The deposition of Donald P. Garrido, third mate of the McGraw, on October 5, 1948, was taken by the respondent. He was the watch officer that morning. His testimony, taken April 19, 1954, is that the Jacob's ladder was hanging down from the main deck about six feet above the high water marking of the McGraw. He estimated the lower end of the ladder to be about 20 feet from the water's edge.

 The respondent contends that the libellant's fall did not occur while he was climbing the Jacob's ladder, but rather as he was attempting to climb the straight wooden ladder, which was part of the equipment of the Seaboard No. 55. However, an entry in the rough deck log of the McGraw, dated October 5, 1948, is directly to the contrary. It reads:

 
'0848 -- Thorlief Pedersen, master of oil barge Seaboard No. 55 of the Seaboard Shipping Company, Wilmington, Delaware, fell from ship's Jacob's ladder to deck of his barge.'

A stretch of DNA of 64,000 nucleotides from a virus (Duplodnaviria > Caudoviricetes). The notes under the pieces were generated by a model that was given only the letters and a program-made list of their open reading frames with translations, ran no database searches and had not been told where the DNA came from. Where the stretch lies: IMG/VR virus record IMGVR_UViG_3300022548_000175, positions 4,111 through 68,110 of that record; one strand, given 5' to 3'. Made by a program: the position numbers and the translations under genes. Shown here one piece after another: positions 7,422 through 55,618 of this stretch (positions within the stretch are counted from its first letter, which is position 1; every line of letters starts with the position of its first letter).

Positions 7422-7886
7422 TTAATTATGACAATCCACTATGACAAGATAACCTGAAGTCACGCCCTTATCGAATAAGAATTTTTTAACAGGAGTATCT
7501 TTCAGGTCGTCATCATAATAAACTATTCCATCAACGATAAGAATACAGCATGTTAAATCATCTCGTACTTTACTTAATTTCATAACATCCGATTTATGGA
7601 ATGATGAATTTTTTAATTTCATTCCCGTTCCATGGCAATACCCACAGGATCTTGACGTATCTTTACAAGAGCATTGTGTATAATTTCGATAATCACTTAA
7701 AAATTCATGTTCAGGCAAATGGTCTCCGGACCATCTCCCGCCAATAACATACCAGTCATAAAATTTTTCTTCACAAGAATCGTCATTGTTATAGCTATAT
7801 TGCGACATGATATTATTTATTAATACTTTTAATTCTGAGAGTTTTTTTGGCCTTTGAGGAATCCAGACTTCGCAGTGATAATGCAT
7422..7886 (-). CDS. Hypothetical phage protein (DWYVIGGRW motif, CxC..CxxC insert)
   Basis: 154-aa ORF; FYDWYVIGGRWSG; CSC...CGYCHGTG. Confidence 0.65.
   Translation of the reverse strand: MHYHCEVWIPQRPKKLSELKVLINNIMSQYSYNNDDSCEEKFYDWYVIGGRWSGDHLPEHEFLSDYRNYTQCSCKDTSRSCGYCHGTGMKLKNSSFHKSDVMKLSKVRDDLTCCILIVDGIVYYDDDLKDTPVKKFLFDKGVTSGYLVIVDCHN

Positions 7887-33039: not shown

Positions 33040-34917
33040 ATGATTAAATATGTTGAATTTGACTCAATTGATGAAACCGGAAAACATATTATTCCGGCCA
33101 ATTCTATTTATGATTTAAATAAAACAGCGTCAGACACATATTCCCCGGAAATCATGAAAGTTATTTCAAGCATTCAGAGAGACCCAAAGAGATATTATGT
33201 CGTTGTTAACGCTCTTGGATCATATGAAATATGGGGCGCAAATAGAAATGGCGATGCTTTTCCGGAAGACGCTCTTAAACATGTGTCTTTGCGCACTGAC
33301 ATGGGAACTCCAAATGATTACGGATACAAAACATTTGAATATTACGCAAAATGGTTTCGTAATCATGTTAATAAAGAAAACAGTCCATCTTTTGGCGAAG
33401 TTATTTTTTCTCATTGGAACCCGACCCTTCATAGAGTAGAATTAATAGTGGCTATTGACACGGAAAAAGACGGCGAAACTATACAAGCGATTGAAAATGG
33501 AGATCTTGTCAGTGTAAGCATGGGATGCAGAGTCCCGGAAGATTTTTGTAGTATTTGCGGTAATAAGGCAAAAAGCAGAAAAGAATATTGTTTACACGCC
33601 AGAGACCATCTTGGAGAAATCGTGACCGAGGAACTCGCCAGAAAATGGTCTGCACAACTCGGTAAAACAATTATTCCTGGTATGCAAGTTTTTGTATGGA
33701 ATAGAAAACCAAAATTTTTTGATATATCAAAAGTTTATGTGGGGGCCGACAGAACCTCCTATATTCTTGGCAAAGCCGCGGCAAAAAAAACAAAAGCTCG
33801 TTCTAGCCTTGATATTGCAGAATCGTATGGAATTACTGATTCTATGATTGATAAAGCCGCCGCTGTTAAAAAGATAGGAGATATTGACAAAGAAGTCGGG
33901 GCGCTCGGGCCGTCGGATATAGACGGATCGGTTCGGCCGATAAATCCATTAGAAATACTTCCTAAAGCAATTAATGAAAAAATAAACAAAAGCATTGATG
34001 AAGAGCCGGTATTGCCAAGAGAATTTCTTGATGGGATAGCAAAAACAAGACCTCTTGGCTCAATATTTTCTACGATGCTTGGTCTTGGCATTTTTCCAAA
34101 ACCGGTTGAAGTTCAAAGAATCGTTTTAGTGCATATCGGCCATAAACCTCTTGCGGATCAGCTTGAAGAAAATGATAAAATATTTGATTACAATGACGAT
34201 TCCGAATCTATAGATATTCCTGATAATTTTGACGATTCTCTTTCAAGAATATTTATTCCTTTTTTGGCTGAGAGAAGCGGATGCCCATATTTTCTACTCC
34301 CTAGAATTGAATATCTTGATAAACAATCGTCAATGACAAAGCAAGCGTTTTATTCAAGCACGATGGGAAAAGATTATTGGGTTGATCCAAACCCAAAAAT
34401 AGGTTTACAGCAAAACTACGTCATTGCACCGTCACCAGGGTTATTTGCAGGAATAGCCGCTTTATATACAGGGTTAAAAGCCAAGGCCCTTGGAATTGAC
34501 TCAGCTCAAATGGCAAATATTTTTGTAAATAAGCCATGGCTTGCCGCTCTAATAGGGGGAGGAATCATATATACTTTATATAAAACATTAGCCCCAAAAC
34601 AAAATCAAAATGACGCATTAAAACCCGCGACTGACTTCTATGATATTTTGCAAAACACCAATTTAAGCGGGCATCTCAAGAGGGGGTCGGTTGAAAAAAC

Respondent argues that even assuming that the libellant fell from the Jacob's ladder, it was not through any fault attributable to the respondent, but solely the result of his own negligence. That the ladder was hanging so high above the deck of the oil barge, as shown by the testimony of its witnesses, as to indicate clearly that there was no invitation to the libellant to use it. On the other hand, there is the libellant's testimony that the Jacob's ladder was only six to eight feet above the deck of the barge. He is corroborated on this fact by the mate of the barge. In this connection there is testimony that the oil barge was drawing about 7 feet 6 inches half loaded as she was at the time, and that when light she would draw about 14 to 18 inches. It was testified that the purpose in hanging a Jacob's ladder about 8 feet above the deck of a barge was to allow sufficient clearance to avoid the ladder being crushed between the sides of the two vessels as the barge rose higher in the water as it discharged its load of oil. As the Seaboard No. 55 would ride about six feet higher when light, a Jacob's ladder about 8 feet above the deck of the half loaded barge would be within easy reach when the barge had completed discharging. The libellant contends, therefore, that the height of the Jacob's ladder could not be considered as evidencing a denial of any right to use the ladder. With respect to the actual distance from the foot of the ladder to the deck of the barge, it is quite probable that the various figures given (all being approximations only) were a ...